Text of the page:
"Each Manufacturer Defendant used both direct marketing and unbranded advertising disseminated by seemingly independent third parties to spread false and deceptive statements about the risks and benefits of long-term opioid use—statements that benefited not only themselves and the third-parties who gained legitimacy, but all opioid manufacturers. Yet these statements were not only unsupported by and contrary to the scientific evidence, they were also contrary to pronouncements by and guidance from the FDA and CDC based on that evidence. They also targeted susceptible prescribers and vulnerable patient populations."It claims the defendants spent more than $14 million on medical journal advertising in 2011, which is nearly triple their amount spent in 2001. The lawsuit also claims each manufacturer defendant "promoted the use of opioids for chronic pain through 'detailers'—sales representatives who visited individual doctors and medical staff in their offices—and small-group speaker programs."
"APF issued education guides for patients, reporters, and policymakers that touted the benefits of opioids for chronic pain and trivialized their risks, particularly the risk of addiction. APF also launched a campaign to promote opioids for military veterans, which has contributed to high rates of addiction and other adverse outcomes – including death – among that target population. APF also engaged in a significant multimedia campaign – through radio, television and the Internet – to educate patients about their 'right' to pain treatment, namely opioids."The complaint explained a long history of the distributor defendants coming under scrutiny from the DEA because of their practices. On September 27, 2006, the DEA sent a letter to each distributor defendant warning that they have a "legal duty to design and operate a system to flag suspicious orders, to report all such suspicious orders, and to exercise due diligence to avoid filling suspicious orders that might be diverted into other than legitimate medical, scientific, and industrial channels," according to the document. On December 27, 2007, the DEA sent a second letter reiterating their point.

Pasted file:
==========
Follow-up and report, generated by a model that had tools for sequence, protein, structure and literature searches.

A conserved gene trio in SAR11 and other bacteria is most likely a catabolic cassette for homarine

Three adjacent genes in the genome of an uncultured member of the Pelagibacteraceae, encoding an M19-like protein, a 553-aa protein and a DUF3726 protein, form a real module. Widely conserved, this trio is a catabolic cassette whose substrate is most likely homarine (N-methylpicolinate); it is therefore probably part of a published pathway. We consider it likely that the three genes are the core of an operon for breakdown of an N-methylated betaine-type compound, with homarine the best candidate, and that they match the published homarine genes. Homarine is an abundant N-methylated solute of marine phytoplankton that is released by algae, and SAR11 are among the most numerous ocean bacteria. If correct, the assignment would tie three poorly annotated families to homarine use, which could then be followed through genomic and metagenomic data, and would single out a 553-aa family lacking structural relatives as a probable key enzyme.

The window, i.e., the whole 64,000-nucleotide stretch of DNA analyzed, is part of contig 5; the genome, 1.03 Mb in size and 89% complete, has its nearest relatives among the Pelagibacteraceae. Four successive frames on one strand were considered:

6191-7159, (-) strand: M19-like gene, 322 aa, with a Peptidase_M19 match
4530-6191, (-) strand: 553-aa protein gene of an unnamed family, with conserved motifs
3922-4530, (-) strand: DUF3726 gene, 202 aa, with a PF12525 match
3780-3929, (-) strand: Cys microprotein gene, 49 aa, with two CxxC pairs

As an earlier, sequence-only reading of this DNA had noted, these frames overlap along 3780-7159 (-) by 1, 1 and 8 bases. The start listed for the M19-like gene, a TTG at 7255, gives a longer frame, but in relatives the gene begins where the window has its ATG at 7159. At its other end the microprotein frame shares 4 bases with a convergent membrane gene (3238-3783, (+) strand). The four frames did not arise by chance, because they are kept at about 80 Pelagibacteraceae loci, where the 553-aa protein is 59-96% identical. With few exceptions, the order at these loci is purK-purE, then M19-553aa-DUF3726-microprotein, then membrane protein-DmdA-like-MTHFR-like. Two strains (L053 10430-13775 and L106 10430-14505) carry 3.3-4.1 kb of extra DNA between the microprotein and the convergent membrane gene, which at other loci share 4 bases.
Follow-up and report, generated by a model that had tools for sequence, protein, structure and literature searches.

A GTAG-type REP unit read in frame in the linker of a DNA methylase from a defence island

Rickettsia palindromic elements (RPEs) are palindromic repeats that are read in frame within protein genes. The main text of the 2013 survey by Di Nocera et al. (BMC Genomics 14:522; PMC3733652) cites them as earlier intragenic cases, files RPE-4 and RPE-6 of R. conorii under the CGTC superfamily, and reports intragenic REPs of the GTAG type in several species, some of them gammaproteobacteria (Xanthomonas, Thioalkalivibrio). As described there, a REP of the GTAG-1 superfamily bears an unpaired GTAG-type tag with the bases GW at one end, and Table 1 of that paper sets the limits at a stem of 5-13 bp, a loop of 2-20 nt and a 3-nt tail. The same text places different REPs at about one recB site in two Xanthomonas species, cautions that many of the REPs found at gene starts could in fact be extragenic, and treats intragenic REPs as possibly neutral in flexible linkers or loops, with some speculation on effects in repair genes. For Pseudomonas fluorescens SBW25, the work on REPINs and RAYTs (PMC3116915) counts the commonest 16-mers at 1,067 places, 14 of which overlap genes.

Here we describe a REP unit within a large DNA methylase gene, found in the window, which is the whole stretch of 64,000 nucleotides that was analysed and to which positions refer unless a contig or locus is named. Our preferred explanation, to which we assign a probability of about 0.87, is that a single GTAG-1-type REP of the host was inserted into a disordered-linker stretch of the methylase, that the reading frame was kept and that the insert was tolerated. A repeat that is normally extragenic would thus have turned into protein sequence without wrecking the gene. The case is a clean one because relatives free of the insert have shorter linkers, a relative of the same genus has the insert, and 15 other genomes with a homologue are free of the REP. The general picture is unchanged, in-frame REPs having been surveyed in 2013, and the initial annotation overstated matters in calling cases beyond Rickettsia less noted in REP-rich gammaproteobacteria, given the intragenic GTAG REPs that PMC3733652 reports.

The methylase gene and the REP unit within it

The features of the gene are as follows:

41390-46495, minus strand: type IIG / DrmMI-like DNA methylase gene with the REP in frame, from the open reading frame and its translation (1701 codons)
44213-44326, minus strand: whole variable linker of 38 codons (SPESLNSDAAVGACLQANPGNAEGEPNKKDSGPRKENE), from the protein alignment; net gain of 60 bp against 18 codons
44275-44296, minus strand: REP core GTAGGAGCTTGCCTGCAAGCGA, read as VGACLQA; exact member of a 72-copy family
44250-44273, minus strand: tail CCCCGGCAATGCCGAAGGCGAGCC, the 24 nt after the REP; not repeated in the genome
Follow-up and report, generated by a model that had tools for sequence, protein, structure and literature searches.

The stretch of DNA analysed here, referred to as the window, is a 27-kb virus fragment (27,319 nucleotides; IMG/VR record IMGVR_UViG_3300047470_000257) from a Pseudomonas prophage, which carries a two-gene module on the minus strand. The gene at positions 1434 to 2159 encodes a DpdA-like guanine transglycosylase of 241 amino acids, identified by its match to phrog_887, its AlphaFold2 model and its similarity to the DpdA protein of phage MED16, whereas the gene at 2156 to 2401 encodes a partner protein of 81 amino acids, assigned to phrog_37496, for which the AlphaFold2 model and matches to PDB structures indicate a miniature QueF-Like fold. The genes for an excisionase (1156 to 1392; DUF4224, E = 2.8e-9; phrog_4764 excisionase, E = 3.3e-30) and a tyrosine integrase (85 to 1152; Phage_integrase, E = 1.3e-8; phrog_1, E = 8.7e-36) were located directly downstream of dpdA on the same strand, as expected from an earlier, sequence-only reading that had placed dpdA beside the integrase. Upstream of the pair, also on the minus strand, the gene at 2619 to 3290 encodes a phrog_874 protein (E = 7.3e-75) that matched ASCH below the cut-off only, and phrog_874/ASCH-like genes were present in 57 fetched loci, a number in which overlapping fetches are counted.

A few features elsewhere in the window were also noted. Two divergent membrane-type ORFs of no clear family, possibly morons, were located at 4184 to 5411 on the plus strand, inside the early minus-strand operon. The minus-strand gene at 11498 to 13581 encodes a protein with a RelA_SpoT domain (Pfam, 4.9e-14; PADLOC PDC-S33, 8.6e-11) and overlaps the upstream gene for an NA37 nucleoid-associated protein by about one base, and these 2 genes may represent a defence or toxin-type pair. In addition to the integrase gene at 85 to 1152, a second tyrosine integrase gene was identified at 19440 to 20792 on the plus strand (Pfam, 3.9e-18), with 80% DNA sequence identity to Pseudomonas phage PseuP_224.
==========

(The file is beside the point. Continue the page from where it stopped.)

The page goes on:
"In 2008, McKesson paid a $13.25 million fine to the United States to settle claims it failed to report hundreds of suspicious orders from Internet pharmacies that sold drugs online to customers who didn't have legal prescriptions.Attorneys claim that many of the opioid shipments to Tucson should have been stopped or reported as potential suspicious orders.
In 2008, Cardinal Health paid a $34 million fine to the United States to resolve allegations that it failed to monitor or report suspicious opioid orders.
In 2016, Cardinal Health agreed to pay a $44 million fine to the United States to resolve allegations that it failed to monitor or report suspicious opioid orders.
In 2017, Cardinal Health agreed to pay $20 million to the State of West Virginia to resolve allegations that it failed to monitor or report suspicious opioid orders."